Wednesday, May 9, 2012

Fast Men, Faster Cars: Grand Prix



Grand Prix (1966, John Frankenheimer)

Director John Frankenheimer is one of those people working within Hollywood one could always trust in producing solid, well made, engaging pieces of entertainment. This talented director was very much along the lines of Robert Wise or today's Steven Soderbegh, in that he could tackle a great many genres and one could practically guarantee the results were to be positive. Earlier in the marathon was published a review for the Steve McQueen picture Le Mans, which impressed for its technical skills, all of which brought the thrill of the race to life for audiences. The downside was everything else (story, characters and all), which fell terribly flat. Frankenheimer's Grand Prix is, interestingly enough, a film McQueen could have starred in, were it not for creative differences.


The story sprawls over the course of a Formula 1 season, the first race depicted being that of Monaco, in southern France. After some whimsical editing and cinematography techniques which show off, first, the director's skills when wanting to aim for visual flair and, depicting the intensity of the races, the viewer is provided with some info about who the principle racers are. Pete Aron (James Garner) is an American, teamed up with Brit Scott Stoddard (Brian Bedford). While the latter is currently one of the true great drivers on the circuit, the former, once great, is now deemed to be past his prime. An incident at Monaco born of out Pete's insolence results in Scott's car crashing, leaving the driver in dire physical condition in bed for several weeks. Other drivers and characters the picture follows are Frenchman Ferrari driver Jean-Pierre Sarti (Yves Montand), the American journalist who follows and falls in love with him over the course of the season, Louise (Eva Marie Saint), Scott's wife Pat (Jessica Walter) who finds herself attracted to Pete, Izo Yamura (Toshiro Mifune), the newcomer industrialist on the circuit whom Pete joins after losing his job on his former team, and Jean-Pierre's young hotshot Ferrari partner, Nino Barlini (Antiono Sabato).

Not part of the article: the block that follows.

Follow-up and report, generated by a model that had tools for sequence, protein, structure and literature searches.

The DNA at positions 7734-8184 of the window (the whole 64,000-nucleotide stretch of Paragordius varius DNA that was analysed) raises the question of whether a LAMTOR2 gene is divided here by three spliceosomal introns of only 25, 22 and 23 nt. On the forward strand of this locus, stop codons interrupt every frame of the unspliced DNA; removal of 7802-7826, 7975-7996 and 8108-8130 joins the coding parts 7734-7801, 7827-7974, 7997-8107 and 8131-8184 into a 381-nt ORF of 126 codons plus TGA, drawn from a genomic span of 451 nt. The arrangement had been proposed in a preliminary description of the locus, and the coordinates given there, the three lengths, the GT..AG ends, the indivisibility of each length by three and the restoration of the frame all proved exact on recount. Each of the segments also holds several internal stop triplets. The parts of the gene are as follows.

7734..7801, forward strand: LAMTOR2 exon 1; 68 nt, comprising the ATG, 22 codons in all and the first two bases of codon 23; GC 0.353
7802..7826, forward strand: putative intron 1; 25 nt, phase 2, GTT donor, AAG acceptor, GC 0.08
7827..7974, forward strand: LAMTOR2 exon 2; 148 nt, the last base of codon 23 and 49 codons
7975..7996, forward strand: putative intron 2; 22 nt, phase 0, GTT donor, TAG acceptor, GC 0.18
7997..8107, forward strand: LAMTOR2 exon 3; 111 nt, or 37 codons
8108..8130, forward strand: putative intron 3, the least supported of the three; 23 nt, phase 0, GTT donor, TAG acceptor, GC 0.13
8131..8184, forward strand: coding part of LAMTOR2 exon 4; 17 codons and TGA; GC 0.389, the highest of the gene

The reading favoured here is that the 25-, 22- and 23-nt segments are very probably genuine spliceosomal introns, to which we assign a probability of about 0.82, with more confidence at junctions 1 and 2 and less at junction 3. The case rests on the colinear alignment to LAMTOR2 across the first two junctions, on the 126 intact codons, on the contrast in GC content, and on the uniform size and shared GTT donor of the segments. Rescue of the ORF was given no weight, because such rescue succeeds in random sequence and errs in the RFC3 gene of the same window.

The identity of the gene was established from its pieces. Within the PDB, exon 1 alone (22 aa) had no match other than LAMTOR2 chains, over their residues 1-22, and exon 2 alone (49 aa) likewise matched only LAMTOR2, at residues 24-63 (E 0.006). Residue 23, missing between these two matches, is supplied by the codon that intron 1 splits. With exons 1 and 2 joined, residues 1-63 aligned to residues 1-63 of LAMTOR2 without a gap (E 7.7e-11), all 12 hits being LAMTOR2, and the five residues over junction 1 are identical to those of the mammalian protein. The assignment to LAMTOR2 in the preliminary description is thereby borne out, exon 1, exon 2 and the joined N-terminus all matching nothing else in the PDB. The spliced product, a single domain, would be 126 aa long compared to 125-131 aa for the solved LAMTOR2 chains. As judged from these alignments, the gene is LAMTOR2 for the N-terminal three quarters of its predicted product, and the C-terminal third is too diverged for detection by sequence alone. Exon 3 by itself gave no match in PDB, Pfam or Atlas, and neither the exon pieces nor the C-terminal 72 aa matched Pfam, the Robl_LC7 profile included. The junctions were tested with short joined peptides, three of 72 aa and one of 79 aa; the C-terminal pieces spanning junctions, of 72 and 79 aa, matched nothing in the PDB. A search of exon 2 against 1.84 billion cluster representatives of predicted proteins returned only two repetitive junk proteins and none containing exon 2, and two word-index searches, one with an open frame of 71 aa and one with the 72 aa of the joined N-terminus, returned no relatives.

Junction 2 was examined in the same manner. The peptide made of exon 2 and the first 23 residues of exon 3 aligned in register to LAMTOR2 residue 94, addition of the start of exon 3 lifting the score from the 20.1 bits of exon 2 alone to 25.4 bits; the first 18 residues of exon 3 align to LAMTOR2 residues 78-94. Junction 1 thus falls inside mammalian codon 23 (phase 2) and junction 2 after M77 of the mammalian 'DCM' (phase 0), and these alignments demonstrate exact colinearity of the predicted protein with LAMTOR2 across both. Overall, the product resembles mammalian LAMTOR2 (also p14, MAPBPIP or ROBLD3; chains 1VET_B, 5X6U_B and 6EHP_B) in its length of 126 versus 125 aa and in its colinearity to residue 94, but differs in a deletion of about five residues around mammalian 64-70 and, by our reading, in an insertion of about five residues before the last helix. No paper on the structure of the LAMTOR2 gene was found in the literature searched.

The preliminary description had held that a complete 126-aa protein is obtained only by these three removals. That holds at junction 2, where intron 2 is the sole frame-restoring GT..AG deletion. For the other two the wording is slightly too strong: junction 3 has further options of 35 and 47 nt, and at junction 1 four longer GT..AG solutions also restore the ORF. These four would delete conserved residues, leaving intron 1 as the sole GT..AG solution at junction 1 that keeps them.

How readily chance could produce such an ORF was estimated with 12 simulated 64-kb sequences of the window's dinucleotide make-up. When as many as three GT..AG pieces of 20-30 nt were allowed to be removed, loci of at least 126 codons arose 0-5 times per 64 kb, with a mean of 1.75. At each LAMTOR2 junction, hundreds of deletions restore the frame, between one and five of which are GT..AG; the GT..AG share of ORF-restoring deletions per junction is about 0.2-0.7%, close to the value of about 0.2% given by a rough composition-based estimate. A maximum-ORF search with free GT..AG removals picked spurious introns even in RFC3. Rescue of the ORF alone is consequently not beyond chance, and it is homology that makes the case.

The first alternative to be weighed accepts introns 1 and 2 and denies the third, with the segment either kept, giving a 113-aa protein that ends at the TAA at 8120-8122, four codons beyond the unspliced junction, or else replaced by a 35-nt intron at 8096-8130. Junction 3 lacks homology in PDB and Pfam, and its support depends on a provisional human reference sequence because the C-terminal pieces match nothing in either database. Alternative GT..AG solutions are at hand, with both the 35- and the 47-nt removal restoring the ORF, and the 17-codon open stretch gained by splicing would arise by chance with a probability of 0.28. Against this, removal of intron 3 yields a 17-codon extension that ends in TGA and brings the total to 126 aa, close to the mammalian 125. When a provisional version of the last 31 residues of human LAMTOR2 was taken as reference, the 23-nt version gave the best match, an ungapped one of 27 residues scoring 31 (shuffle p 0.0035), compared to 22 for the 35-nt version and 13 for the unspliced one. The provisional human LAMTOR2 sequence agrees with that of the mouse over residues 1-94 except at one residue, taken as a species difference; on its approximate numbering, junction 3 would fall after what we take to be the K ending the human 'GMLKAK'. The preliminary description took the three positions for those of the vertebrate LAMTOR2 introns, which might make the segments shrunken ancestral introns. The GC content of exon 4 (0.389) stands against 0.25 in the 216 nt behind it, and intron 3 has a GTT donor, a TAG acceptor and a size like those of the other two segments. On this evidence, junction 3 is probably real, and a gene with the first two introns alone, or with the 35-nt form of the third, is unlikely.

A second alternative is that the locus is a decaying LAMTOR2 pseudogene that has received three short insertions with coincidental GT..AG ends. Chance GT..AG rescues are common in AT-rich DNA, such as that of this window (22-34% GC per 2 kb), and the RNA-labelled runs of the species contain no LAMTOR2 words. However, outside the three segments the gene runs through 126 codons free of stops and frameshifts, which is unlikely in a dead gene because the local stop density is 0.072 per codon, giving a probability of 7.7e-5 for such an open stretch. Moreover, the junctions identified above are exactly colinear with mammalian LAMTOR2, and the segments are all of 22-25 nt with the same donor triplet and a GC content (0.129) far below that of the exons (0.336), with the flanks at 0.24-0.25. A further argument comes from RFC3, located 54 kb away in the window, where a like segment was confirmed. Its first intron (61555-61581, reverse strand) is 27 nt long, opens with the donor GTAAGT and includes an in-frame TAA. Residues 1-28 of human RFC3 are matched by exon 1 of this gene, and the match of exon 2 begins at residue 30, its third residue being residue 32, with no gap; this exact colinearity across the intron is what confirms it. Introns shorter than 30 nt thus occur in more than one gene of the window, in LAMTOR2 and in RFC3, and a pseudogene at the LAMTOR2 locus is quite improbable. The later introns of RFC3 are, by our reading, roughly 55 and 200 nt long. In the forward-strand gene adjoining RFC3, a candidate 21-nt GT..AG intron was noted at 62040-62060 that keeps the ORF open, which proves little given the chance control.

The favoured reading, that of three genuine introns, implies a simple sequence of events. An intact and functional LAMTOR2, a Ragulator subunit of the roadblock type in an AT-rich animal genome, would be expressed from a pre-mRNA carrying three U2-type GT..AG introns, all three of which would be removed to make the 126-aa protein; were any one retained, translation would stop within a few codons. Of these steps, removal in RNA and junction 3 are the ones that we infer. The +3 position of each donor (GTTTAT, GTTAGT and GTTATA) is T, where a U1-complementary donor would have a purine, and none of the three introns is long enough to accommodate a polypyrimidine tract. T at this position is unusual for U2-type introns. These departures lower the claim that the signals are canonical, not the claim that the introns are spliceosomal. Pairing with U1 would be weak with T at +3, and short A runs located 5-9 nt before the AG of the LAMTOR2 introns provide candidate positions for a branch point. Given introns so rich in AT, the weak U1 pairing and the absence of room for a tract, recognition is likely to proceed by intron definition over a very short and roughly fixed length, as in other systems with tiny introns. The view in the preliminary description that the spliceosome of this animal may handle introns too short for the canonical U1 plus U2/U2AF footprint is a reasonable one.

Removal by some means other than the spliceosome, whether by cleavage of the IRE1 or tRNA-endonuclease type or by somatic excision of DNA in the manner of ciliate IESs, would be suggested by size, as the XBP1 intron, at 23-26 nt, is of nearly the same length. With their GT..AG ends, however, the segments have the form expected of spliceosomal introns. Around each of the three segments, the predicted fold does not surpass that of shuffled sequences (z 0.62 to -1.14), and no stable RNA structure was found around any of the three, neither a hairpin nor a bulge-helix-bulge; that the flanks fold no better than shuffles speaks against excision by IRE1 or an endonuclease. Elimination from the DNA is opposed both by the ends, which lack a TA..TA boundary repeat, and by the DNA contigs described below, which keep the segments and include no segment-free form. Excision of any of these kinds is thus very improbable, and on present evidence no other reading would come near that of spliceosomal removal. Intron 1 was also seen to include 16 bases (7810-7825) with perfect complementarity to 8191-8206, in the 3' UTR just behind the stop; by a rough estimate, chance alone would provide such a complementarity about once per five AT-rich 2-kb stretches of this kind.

It may come as a surprise to some that Frankenheimer's film clocks in at a staggering 176 minutes. Not exactly record breaking time for speed. To put it bluntly (and in pun-like terms), Grand Prix is not a sprint, but rather a marathon. The irony of the situation is that the elongated running time helps the story find its groove. The story per say is light enough, essentially boiling down to 'who will win this season's championship?' In truth, it is the multiple character journeys directly attached to said plot about championship competition which deliver the goods in Grand Prix, a film that strikes the balance between compelling drama where the personalities involved are very three dimensional and the action, that being whatever transpires on the racing tracks, is top notch quality.